Grade 6, Oak Hill Middle School, Newton Centre
Paul Lyons, Russel Hunt, Tierney Leary, Teachers
The Lonely Wastebasket
He sat nearly empty, he felt the shallow layer of trash hit against his
wicker walls. But his woven outside could not hide the emptiness within. Constantly he would find himself wondering what a wastebasket like himself could be used for when the people in his household flushed most of their trash down their toilet. He wanted to tell them to stop, to use him instead. This was not out of jealousy, (wastebaskets are beyond such trivial emotions) he truly wanted to help his humans. But like all other wastebaskets he could not talk. He watched them throw hair, floss, tissues, wipes and diapers from their baby down the toilet. Once he even saw them flush a squashed bug. What would make them think it was harmless, he could not understand. Was it really more convenient? Every time he saw them flushing trash down the toilet he wanted to tell them the consequences, like polluting the environment, harbor and marine life for example. Or what happened in London when an enormous amount of grease from restaurants and baby wipes got stuck in the pipes under the city. He wanted them to know about the infectious diseases that could be spread because of their careless plunder, hurting people and animals. Nearly every day they would be adding to the build up in the pipes, when they could be using him and not wasting so much water and causing so much trouble. He wished he could tell them. This went on for a long time,( he didn't know exactly how long, wastebaskets don't measure time in years like you or me) Until one day the oldest child, a girl by the name of Emma came home in a flurry of excitement. "Mom look at what I wrote!" she handed her mother the manuscript and began to bounce from foot to foot, as her mother read the following:
Little kids flush toys down the toilet,
Not knowing they could spoil it,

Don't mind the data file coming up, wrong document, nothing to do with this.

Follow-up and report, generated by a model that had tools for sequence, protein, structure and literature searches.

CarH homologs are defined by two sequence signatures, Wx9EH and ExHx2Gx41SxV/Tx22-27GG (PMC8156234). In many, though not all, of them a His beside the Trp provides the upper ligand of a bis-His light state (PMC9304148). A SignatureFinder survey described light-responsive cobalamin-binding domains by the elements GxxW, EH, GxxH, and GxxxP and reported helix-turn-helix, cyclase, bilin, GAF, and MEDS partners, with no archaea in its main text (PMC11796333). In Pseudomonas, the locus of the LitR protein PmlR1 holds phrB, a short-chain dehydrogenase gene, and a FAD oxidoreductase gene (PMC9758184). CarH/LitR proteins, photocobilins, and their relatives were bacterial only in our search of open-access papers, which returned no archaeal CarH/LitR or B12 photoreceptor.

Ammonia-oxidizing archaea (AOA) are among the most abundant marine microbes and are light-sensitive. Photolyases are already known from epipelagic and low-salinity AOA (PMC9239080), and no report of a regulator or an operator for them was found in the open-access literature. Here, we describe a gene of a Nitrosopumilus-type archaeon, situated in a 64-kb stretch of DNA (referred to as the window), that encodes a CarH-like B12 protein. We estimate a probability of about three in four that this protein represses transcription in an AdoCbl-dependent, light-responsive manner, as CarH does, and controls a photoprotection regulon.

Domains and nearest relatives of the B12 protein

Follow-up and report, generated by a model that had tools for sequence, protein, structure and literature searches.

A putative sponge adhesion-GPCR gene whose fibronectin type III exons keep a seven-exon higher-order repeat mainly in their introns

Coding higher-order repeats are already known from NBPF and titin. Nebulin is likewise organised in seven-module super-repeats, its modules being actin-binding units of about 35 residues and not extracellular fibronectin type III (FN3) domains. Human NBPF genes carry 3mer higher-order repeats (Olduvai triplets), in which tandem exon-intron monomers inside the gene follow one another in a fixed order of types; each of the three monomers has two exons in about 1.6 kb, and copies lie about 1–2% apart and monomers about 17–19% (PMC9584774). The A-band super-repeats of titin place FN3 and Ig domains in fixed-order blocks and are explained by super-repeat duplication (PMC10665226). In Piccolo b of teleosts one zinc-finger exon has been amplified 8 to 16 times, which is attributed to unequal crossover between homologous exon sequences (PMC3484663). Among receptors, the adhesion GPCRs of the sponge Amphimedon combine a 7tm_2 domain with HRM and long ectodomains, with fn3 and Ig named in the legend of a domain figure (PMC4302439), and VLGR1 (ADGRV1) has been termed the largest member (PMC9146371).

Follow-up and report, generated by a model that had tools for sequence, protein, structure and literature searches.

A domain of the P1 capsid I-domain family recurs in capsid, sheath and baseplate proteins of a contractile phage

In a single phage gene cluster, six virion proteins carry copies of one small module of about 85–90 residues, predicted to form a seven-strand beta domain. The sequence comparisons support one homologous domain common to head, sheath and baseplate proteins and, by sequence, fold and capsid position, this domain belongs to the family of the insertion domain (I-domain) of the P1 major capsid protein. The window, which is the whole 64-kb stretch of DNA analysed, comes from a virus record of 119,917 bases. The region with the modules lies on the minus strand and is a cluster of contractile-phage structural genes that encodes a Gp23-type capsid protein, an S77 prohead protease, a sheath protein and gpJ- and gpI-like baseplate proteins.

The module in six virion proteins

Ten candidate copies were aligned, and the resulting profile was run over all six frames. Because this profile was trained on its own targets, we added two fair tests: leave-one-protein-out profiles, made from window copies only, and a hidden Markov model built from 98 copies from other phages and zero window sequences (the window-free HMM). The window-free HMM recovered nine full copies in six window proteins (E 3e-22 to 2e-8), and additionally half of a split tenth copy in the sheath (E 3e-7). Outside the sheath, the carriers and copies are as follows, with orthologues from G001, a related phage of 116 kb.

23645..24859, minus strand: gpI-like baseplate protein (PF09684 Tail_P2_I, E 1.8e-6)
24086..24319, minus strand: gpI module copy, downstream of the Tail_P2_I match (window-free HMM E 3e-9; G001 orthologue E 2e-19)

but older people should know were some things should not go,
the problem is that they don't care,
they just want it to go some where,
trash belongs in trash cans were it can't get stuck,
instead of in the pipes where it can build up,
As feeble as the rhymes were, her mother was proud of it, but she was infinitely prouder of what Emma said next, and so was the wastebasket.
"Mom, I want us to stop throwing our trash in the toilet, we're researching pollution and why its bad to flush trash, in school so I think we should stop." Emma said earnestly.
"Oh I know, I agree, it's a horrible habit," her mother said, giving her daughter a one armed hug.
Meanwhile, Ricky had snuck into the bathroom to flush candy wrappers, slyly looking over his shoulder. "Mom can't find them now!" he whispered in a relieved tone after he had flushed the "evidence" away. A little while after he had left, Rosy wobbled in. Rosy's dimpled arms were cradling half a dozen toys, her eyes alight with excitement and curiosity. Very systematically the two year old dropped the toys into the water in the toilet. Cramming them all in so the topmost toy, Ricky's old toy car, was only partly submerged. With a childish giggle Rosy pulled the lever. If the wastebasket could groan he would have. A few days later while Emma was working on her homework, her mother was complaining over the phone to Emma's father.
"...Jack, you can't imagine our plumbing bill, ..... uh .. ha .. exactly ... Emma was just talking about that ... no I agree, we should use trash cans more. I'm afraid our plumbing bill is going up because of
us flushing unflushable things ..... No Rosy's baby wipes say they're flushable but they're not. yes ... exactly ... They say they're biodegradable but they are mislabeled ..... ok .... yes .... ok. Bye"
Emma's mother put down the phone and turned to Emma "how much do you know about flushing things down the toilet versus putting it in the trash can, can it for example effect plumbing bills?"
"Um ... it can." Emma replied. The wastebasket sighed they were finally figuring it out. Slowly things began to change and the wastebasket began to fill up. It didn't happen overnight, breaking a bad habit rarely ever does. But gradually the wastebasket became full and never again did he go empty. The lonely wastebasket was happy at last.
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